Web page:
Restoring the North Woods in their entirety is a Herculean task; Willers suggests that by making the land islands bigger and connecting them, you can accomplish much the same thing. SWAN wants to see federal, state and county lands knit together into a network of wild cores, buffers and corridors. In this scheme, the cores are inviolate—no development, logging, mining or roads are tolerated. The core is surrounded by buffer zones with increasing levels of activity, and connective corridors between adjacent core areas would allow creatures to migrate back and forth. Significant recent state purchases such as the Willow Flowage and the Turtle-Flambeau Flowage could make excellent cores, he argues, but the challenge is in building the entire system. “It is important that the internal mechanism of natural process not be isolated.”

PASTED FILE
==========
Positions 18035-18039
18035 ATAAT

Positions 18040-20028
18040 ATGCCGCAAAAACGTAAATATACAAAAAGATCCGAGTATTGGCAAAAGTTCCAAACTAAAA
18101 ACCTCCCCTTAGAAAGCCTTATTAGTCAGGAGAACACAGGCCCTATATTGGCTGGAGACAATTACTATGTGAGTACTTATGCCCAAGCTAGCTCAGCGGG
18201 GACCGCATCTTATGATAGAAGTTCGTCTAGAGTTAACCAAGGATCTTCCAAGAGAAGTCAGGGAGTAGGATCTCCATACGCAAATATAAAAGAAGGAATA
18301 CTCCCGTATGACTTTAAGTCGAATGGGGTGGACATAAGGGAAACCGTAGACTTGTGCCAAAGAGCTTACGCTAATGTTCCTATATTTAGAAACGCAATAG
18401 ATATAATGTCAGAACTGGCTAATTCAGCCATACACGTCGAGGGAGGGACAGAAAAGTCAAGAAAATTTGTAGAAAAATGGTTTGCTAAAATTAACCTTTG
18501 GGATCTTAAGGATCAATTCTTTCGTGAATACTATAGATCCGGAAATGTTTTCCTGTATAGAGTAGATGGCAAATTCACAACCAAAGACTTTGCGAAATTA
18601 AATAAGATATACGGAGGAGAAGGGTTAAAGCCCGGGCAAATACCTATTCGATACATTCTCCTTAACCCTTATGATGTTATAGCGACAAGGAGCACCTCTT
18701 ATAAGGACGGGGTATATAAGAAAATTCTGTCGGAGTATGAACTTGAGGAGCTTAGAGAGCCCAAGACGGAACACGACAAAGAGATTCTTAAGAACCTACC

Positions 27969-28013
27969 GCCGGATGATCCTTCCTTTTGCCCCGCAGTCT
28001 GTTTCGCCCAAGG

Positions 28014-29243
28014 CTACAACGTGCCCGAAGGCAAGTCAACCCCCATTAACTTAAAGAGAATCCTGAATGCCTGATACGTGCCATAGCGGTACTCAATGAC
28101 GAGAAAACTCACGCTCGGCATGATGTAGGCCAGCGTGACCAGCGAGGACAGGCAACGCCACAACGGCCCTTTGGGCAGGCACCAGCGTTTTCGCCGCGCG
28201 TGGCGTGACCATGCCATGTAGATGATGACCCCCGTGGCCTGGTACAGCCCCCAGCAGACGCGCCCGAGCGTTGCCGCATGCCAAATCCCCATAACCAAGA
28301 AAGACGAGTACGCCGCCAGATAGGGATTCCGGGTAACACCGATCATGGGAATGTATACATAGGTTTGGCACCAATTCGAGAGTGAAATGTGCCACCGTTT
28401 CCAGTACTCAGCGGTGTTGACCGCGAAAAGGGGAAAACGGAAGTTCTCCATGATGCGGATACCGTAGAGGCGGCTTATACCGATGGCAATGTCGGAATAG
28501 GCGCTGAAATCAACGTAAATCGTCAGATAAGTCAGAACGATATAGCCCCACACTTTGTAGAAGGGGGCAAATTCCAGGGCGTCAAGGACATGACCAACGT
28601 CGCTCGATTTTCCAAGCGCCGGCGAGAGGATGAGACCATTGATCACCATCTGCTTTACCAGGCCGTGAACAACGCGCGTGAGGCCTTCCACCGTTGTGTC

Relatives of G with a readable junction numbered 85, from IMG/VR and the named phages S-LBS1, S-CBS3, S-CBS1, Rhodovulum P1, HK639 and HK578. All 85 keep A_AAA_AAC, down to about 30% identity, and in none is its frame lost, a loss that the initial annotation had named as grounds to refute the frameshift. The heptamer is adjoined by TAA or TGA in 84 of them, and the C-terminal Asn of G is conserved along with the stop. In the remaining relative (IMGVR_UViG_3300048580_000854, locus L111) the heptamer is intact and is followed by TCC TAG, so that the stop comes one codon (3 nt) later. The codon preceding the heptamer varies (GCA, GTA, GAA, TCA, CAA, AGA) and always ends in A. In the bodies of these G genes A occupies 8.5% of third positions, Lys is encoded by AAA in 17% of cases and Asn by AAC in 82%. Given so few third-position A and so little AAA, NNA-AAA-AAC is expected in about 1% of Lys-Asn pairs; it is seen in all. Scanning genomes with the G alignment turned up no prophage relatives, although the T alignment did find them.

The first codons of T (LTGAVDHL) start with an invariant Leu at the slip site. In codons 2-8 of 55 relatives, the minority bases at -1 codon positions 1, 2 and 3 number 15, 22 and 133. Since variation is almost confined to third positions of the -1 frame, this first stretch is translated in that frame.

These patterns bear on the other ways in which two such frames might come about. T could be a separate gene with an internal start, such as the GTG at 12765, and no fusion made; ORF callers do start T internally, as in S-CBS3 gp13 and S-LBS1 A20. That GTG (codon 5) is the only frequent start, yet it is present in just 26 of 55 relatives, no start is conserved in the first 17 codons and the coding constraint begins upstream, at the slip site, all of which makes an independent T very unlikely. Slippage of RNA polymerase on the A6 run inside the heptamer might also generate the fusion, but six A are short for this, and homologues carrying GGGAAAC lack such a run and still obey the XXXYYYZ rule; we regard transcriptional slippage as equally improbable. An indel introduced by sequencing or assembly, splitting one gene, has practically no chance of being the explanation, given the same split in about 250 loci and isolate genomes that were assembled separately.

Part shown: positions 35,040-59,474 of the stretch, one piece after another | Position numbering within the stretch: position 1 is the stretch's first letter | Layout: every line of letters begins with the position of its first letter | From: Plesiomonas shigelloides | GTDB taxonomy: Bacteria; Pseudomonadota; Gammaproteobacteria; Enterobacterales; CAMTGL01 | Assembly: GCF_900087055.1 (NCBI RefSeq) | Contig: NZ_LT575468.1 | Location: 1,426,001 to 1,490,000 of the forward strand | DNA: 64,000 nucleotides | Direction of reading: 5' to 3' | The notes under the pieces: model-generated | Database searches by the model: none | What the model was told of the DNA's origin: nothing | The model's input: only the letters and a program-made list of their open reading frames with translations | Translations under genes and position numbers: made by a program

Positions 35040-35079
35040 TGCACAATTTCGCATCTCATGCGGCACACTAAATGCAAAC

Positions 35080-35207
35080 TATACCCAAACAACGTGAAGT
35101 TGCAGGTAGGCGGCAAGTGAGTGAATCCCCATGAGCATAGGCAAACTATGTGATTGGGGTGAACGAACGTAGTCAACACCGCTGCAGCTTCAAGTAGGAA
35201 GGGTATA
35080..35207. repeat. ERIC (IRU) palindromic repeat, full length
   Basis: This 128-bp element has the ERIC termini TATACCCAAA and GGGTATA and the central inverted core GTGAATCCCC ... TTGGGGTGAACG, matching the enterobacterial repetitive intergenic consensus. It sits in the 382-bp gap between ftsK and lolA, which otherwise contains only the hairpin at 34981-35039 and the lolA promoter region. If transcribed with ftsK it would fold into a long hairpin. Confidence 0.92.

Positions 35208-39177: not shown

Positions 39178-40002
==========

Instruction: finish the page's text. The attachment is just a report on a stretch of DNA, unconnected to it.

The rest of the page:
It’s a proposal that scares some business interests. Last winter, when SWAN released a detailed map of the North showing what areas might be suitable for such ambitious restoration, state Rep. Lorraine M. Seratti (R-Spread Eagle) rose indignantly. “If SWAN moves forward by inhibiting development on any northern Wisconsin forest, it would have a disastrous effect on local economies,” a press release from her office claimed. “It crossed the line of reason when the proponents of such initiatives propose to put human wants, desires and needs behind so-called ‘ecological integrity.’”
Yet somehow SWAN’s grand ambition rings true. The North Woods maybe a ghost of its former self, but there can be little doubt it is that ghost people seem to be seeking in their journeys north.
To whom does the North belong? In a state where the North embodies a rich heritage, culture, biology and economy, that is no easy question.